700 1 _ a| Estrada Lugo, Erin Ingrid Jane
c| Dra.
d| 1959-
e| autora
773 0 _
t| Forest Ecology and Management
g| Vol. 448 (September 2019), p. 300-311
x| 0378-1127
900 _ _ a| Solicítelo con su bibliotecario/a
901 _ _ a| Artículo con arbitraje
902 _ _ a| GOG / MM
904 _ _ a| Agosto 2019
905 _ _ a| Artecosur
905 _ _ a| Artfrosur
905 _ _ a| Biblioelectrónica
906 _ _ a| Producción Académica ECOSUR
LNG eng
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*Solicítelo con su bibliotecario/a
Rainforest conservation in Mexico's lowland Maya area: integrating local meanings of conservation and land-use dynamics
Puc Alcocer, Malloni (autora)
Arce Ibarra, Ana Minerva (autora)
Cortina Villar, Héctor Sergio, 1960- (autor)
Estrada Lugo, Erin Ingrid Jane, 1959- (autora)
Nota: Disponible para usuarios de ECOSUR con su clave de acceso
Contenido en: Forest Ecology and Management. Vol. 448 (September 2019), p. 300-311. ISSN: 0378-1127
No. de sistema: 41485
Tipo: - Artículo con arbitraje
PDF


Inglés

"In several tropical forested areas in which biodiversity conservation and indigenous cultures are interwoven, current conservation policies do not consider how the indigenous communities understand the concept of conservation that is promoted and implemented by conservation programs led by external actors, nor do they consider local traditional practices of resource management. To move towards more inclusive conservation policies that take these two aspects into account, research is required in indigenous settings that can inform policy makers. The present study, carried out in the lowland Maya area of Mexico, aims to investigate local meanings of rainforest conservation and dynamics of land use in two Maya common property holdings or ‘ejidos’ (Noh cah and X-Maben). The study used a Social-Ecological Systems approach comprising: (i) the Maya communities and their local meanings of conservation as a Social Subsystem, assessed through social surveys, and (ii) the rainforest of each studied ejido - which was regarded as an Ecological Subsystem and assessed through satellite images (from 2000 to 2012). In the former, interviewees were asked: “when you hear the phrase ‘conservation of the rainforest’ what do you think is being said?” They were also asked if there were local words in Maya or Spanish that were similar in meaning to the aforementioned phrase. The results relating to the meanings of conservation demonstrate that Maya people, who rely on the rainforest for multiple livelihoods, understand two types of meanings for looking after the rainforest; one promoted by governmental conservation programs, and the other called Kanan K’áax, a Maya phrase that represents their customary or community-based rainforest conservation. Differences between these two models of conservation encompass differences with respect to scale, gender and the Maya people’s own cultural practices."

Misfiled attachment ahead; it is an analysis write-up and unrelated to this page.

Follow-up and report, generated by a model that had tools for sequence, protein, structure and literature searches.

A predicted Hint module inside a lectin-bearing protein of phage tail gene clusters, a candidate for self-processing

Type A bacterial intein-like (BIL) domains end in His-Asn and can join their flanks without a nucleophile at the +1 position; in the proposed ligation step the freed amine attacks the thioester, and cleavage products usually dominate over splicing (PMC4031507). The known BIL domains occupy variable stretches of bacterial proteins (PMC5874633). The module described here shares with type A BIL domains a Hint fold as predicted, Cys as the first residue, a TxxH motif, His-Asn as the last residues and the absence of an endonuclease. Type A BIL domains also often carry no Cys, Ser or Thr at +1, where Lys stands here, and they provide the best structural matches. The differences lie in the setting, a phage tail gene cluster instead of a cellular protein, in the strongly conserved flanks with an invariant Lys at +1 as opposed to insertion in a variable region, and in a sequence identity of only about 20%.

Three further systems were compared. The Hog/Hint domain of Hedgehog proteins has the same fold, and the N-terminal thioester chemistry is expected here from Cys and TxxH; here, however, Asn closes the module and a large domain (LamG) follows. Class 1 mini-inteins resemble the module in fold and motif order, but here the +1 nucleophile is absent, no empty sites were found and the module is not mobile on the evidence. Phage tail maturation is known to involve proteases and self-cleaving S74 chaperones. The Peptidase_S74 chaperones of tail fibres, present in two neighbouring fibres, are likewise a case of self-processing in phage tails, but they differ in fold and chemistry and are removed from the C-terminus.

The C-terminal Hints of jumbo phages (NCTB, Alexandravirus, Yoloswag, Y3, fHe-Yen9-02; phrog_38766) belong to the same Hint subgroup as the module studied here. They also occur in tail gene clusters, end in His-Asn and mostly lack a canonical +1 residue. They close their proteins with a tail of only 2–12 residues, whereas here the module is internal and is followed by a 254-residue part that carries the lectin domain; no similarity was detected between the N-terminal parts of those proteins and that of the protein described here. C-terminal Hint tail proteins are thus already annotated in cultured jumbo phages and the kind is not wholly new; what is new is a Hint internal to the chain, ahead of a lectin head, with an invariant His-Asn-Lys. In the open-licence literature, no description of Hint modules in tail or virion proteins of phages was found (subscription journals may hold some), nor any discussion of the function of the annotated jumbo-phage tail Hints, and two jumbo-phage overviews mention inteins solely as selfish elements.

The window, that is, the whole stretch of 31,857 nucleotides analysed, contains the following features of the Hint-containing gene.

"The results of the local dynamics of land use demonstrate that the landscapes of both study sites are dominated by mature rainforest (ranging from 73.9–82.7%), and are therefore in a good state of conservation, and that their agricultural frontiers have not expanded. Our empirical results are valuable in terms of informing the scientific community about the state of rainforest conservation in the Maya Zone, and providing policy makers (from the Maya area and elsewhere) with information to devise new, more inclusive conservation policies that take full account of the indigenous cultural practices of rainforest management."